How to maximise sleep while on holidays

How to maximise sleep while on holidays

Block out that light!

Sunlight will be one of your biggest hurdles for sleep. If you’re staying in a hotel choose one with black out curtains, or with a small enough window that you’ll be able to block out the light fairly easy with a travel blockout blind. If there’s any light above the curtains, grab some spare cushions or roll up some towels and place them above the rail. If you don’t have a travel blockout, even a black sheet with some pegs to pin over the curtains can really make a difference. 

If the window is too big or you’re all in one room, you might want to get a safe blackout cover for their travel cot ie. Snooze Shade which is made from breathable mesh material and still blocks out 94% of the light, so that you don’t have to sit in the dark after they go to bed! Use our discount code BABYSLEEPCODE to save 10%.  

For toddlers who aren’t usually room sharing, you might want to set up some type of visual barrier between their cot and your bed - or be prepared for them to get up bright and early when they realize you’re right there. Think, excited meerkat peering up at you at 5am. 

Getting there. 

If your baby's still young and naps well in the car, you can aim to travel during their nap time. If they’re not a great car sleeper, call the hotel to see if you can arrive for an early check in so your child can still have a decent nap when they get there. Or travel after their longest nap so they’re not arriving overtired.

If you're travelling at night, you might find your baby can still fall asleep well around their usual bedtime in the car. If they wake, just try to find ways to help keep them calm until you arrive, and it’s ok if they wake for awhile when you get there. Once you have everything set up, just offer a top up feed if they want one and then settle them back to sleep in their cot. 

Make their sleep space feel familiar. 

Bring their sleep associations with you so that you can help make this new place feel as familiar as possible, and give them the best chance of settling easily.

So pack their white noise machine, sleeping bag, pjs, lovey/comforter (if they have one), bedtime books, and even a travel bath tub. And if they sleep in a bassinet or cot at home make sure you bring a travel cot for safe sleeping.

If they've never slept in their travel cot before, you might want to have a couple of practice naps at home. Or sleep with their travel cot sheet for a few nights before you leave, so it smells like you. 

At bedtime try to replicate a shorter version of your usual bedtime routine. This might be a quick bath or shower, pjs on, book, cuddle, white noise on and into their cot. If you're staying with family you might want to give your child some extra wind-down time in a quiet room. Try not to let it feel rushed, a slightly later bedtime is better than trying to rush through it. And have confidence that your little one will sleep as well as they do at home. You want to project calm and confidence so they feel safe to fall asleep.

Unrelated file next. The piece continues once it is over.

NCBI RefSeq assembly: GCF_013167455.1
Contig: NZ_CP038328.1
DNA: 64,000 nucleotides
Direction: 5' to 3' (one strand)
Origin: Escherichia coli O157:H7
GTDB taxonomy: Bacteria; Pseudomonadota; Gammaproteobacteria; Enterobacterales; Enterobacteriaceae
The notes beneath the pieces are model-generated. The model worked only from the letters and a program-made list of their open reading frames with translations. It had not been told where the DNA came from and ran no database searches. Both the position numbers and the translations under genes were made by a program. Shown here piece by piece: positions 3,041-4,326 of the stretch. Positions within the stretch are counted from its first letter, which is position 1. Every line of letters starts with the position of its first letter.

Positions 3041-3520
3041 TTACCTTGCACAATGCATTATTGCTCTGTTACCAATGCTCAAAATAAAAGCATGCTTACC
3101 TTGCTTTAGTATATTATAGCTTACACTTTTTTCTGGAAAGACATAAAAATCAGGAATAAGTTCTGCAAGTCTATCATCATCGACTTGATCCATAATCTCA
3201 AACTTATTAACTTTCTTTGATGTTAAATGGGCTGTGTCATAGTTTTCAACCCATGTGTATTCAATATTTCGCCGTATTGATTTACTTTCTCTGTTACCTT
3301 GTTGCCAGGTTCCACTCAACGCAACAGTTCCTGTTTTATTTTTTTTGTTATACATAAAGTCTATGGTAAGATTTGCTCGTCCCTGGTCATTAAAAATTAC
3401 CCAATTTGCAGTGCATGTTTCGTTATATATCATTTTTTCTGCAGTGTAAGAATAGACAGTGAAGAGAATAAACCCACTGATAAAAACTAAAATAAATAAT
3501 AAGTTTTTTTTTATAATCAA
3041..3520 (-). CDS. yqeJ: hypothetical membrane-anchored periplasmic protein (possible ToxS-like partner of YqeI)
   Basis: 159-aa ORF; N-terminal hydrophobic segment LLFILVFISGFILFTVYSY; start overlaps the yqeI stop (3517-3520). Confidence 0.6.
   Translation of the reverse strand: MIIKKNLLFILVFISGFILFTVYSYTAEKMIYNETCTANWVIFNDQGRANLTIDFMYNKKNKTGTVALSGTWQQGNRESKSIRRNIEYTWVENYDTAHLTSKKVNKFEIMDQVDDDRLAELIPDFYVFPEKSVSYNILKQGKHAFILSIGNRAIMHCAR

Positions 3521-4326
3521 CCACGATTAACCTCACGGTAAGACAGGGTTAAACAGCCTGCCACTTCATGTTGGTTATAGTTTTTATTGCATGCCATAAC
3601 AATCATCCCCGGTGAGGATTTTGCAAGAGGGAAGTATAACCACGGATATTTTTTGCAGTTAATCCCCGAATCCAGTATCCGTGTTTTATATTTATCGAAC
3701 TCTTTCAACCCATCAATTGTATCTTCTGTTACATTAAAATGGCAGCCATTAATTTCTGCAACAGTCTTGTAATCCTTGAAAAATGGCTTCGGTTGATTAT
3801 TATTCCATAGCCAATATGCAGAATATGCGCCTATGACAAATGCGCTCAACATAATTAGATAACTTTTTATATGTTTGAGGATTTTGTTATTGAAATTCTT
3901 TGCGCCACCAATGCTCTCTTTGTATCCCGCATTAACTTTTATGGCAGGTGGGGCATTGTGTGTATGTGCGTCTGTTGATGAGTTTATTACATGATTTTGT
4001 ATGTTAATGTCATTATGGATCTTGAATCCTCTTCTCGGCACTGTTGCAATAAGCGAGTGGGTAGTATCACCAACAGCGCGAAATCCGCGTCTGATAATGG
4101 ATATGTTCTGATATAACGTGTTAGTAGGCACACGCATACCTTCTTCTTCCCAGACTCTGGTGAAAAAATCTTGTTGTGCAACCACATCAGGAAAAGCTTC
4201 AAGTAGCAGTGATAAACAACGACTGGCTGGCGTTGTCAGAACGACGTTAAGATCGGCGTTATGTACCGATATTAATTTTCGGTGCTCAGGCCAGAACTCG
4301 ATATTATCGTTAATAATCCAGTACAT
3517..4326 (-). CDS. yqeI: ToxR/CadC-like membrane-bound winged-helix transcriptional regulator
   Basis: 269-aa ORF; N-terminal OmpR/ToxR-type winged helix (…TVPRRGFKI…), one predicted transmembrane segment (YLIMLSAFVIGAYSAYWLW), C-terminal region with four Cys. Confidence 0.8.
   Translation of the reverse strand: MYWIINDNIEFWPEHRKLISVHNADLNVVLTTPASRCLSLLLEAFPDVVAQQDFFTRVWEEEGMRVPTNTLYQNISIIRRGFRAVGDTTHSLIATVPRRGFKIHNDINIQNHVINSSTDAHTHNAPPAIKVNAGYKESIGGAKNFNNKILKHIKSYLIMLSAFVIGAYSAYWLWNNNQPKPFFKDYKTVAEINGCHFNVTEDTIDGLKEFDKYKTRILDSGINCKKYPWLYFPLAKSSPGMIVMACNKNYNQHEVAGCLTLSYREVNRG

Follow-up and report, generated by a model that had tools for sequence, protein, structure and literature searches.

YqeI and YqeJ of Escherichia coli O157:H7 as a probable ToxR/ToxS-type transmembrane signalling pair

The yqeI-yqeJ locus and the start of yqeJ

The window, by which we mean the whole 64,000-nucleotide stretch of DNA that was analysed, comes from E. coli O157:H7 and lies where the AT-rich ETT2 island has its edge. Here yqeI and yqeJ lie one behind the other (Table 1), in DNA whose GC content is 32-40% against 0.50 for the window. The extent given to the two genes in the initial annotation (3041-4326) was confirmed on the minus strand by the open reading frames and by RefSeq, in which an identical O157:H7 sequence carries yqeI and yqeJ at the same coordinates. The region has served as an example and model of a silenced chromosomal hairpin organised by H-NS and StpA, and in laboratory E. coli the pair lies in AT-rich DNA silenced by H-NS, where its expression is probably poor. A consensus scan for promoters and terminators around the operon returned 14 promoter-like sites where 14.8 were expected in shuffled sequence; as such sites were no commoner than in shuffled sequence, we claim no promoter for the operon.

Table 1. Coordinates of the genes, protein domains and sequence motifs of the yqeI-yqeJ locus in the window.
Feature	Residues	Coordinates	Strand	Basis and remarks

Flexible days.

When you can, aim to stick fairly close to their usual day routine to help ensure they’re still primed for sleep overnight. If they’re not great sleepers on the go, then you opt for at least one decent nap a day back at your accomodation to make sure they’re not miserable by the evening. 

To help them have great naps on the go, you can aim to have these supervised in a pram, car or carrier. Bring some travel white noise to play, try to block out visual distractions if possible, and keep moving until they fall asleep. Make sure they're not going to get too hot, and there's plenty of airflow especially in the pram. If you feel them start to stir halfway through the nap - get moving/jiggling again. If they’re in a pram, rolling the wheels back and forth over a bump can help them to resettle. 

But don’t stress if a nap goes wrong here and there, they will be ok! If you have a couple of days in a row that you know you’ll be out and naps might run short, try to plan a day where you can have a couple of decent naps at your accommodation so they have a chance to reset and get on top of any built up overtiredness. 

Try not to introduce new habits that you don’t want to keep. 

At bedtime or overnight, you might find your child needs a little more soothing or your presence before they fall asleep. The key is being there to help soothe, ie. your toddler might need an extra check in and cuddle, but don’t feel like you suddenly need to start forcing them to sleep by trying to rock, feed or hold them. If they’re confident at falling asleep at home, you can still let them be in charge of initiating sleep while away. 

Don’t let others' opinions impact how you parent. 

If your baby cries more than usual during sleep times, or takes longer to settle. Don’t stress about it. The most important thing is you stay calm and should never feel embarrassed or pressured to do anything different than what feels right for your family. 

Be confident. Grab our international travel guide!

Our downloadable Baby & Toddler Travel Guide is the ultimate resource to ensure your little one gets the rest they need while you create amazing memories together.

Read on your phone or print out. This comprehensive guide includes baby & toddler packing lists, tips on flying & driving with a baby, managing sleep in unfamiliar places, handling time zone changes and travel days, avoiding major regressions and so much more.

Grab the Baby & Toddler Travel Guide.

Need to get sleep on track before your trip? Check out our sleep consult packages here and get sleep on track in as little as 7 days. 

Free Sleepwear & Room Temp guide

Simply getting their sleepwear right can help resolve so many sleep issues. Grab your free downloadable guide below.

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